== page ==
MPs raise new concerns around the funding of local authority care provision

 
Hayley Kirton
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The PAC report warns that “carers and the people they care for may not get the services they need” (Source: Getty)

The Public Accounts Committee (PAC) has raised concerns about the funding of local authority care services in a new report due out today.

The report, which reviews how the Care Act has been implemented so far, warns that “carers and the people they care for may not get the services they need because of continuing reductions to local authority budgets and demand for care being so uncertain.”

In particular, the committee cautions that government “has not been sufficiently open and transparent” about how it classifies duties in the New Burdens Doctrine, under which government makes sure that local authorities can meet any increased spending requirements without being pressured into hiking council tax, and has therefore created “considerable uncertainty” for councils.

“The Care Act should mean carers get proper support from local councils, but with budgets squeezed this support will be hard for councils to deliver,” said Meg Hillier, chair of the PAC. “Local government is taking on more and more responsibilities from central government, but the money does not always follow. The concept of new burdens is simple enough yet the government’s definition of these burdens fails to reflect reality.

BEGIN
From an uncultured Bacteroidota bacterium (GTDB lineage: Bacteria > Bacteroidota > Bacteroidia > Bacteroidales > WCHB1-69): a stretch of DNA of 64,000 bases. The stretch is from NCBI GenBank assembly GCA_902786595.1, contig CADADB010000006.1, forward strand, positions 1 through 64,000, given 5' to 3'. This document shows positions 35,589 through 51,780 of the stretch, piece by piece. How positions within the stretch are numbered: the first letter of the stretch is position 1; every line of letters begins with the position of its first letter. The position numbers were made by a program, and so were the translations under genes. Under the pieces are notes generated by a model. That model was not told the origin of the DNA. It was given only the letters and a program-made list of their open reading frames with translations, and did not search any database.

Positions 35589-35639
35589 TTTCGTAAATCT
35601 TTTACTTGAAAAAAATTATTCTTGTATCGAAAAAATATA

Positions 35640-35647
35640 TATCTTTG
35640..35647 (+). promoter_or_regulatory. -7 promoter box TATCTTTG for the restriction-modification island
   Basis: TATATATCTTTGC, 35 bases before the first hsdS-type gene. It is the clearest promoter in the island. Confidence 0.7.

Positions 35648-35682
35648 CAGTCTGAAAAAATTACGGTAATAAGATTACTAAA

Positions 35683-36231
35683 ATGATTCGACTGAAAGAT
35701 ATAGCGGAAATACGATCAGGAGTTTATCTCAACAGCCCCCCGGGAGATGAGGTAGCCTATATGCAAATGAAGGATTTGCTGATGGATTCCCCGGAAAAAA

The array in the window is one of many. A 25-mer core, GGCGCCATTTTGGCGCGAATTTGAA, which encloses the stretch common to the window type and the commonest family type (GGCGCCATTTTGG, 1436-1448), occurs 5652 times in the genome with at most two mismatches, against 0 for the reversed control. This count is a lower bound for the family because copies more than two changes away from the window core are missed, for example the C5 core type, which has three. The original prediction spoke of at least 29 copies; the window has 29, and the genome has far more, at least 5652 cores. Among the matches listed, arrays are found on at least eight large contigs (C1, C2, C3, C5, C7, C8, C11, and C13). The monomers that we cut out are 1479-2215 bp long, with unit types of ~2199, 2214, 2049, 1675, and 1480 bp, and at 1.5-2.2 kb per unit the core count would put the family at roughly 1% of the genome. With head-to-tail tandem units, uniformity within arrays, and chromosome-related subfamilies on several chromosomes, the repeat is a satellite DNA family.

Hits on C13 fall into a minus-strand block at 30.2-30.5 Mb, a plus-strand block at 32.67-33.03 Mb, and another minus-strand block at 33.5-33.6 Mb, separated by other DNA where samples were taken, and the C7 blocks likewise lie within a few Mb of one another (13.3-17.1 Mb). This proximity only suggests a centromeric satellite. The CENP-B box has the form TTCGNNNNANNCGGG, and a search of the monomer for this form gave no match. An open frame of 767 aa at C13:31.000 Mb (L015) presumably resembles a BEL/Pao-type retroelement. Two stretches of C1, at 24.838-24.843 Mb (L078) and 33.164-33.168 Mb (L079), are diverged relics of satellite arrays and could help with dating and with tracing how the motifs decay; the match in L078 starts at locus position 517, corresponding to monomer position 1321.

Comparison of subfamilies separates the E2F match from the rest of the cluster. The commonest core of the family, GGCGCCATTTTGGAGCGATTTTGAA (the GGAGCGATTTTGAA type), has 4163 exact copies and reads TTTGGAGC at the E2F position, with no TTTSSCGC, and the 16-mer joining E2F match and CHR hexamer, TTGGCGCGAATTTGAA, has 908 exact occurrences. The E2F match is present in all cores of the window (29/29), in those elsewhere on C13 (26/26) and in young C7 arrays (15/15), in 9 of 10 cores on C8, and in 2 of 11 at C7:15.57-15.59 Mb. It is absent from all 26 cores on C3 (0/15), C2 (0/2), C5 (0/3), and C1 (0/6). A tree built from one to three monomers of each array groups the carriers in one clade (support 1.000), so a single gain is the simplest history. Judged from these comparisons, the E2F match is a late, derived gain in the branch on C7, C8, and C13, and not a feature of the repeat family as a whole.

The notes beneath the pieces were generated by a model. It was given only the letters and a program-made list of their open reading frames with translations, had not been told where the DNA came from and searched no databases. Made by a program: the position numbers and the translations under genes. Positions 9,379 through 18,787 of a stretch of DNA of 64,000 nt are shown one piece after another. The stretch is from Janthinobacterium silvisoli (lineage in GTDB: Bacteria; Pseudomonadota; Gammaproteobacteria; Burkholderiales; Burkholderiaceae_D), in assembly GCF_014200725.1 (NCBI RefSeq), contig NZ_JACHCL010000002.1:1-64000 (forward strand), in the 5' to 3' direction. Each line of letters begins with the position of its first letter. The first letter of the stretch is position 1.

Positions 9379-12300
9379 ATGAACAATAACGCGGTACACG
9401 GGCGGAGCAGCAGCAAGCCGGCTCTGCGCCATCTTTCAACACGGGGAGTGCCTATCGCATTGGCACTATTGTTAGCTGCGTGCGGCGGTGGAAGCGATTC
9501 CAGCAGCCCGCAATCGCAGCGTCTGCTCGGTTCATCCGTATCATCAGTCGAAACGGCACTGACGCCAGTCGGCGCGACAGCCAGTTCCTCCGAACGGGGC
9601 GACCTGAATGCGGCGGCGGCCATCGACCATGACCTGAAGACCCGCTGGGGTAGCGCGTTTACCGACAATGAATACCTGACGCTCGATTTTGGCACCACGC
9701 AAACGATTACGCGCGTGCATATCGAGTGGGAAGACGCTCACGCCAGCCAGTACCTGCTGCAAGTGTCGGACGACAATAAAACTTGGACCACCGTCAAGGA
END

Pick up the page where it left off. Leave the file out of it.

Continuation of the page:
“If new costs to councils are not adequately funded then services will suffer. There is also a real danger of cost-shunting – in this instance, costs of providing care falling on other public services, carers or the people being cared for.”

Read more: Nearly half would burn through wealth to avoid care costs

A Department for Communities and Local Government spokesman said: “We are committed to updating the new burdens guidance by next spring, and will be working with government departments to make sure they are aware of new requirements.

“We are already looking at the possibility of publishing more information on new burdens assessments we undertake, and will be considering with local government, and other departments, what information could usefully be published.”

Meanwhile, a spokesperson for the Department of Health said: “The Spending Review gave local authorities access to up to £3.5 billion extra a year by the end of this Parliament, helping to put adult social care on a sustainable footing. Along with this money we will continue to work with the care sector to support it to deliver on this settlement and provide quality care for older and vulnerable people.”

The Care Act, which outlines various duties and responsibilities for local authorities providing care, is being implemented in two parts. The first phase has already been brought into force, while the second phase, which includes details about how local councils should charge for care, will be enacted in April 2020.

According to figures from the PAC, central government has reduced funding for local authorities by roughly 37 per cent in real terms. However, the new responsibilities under the Care Act will set local authorities back an estimated £470m in 2015-16.

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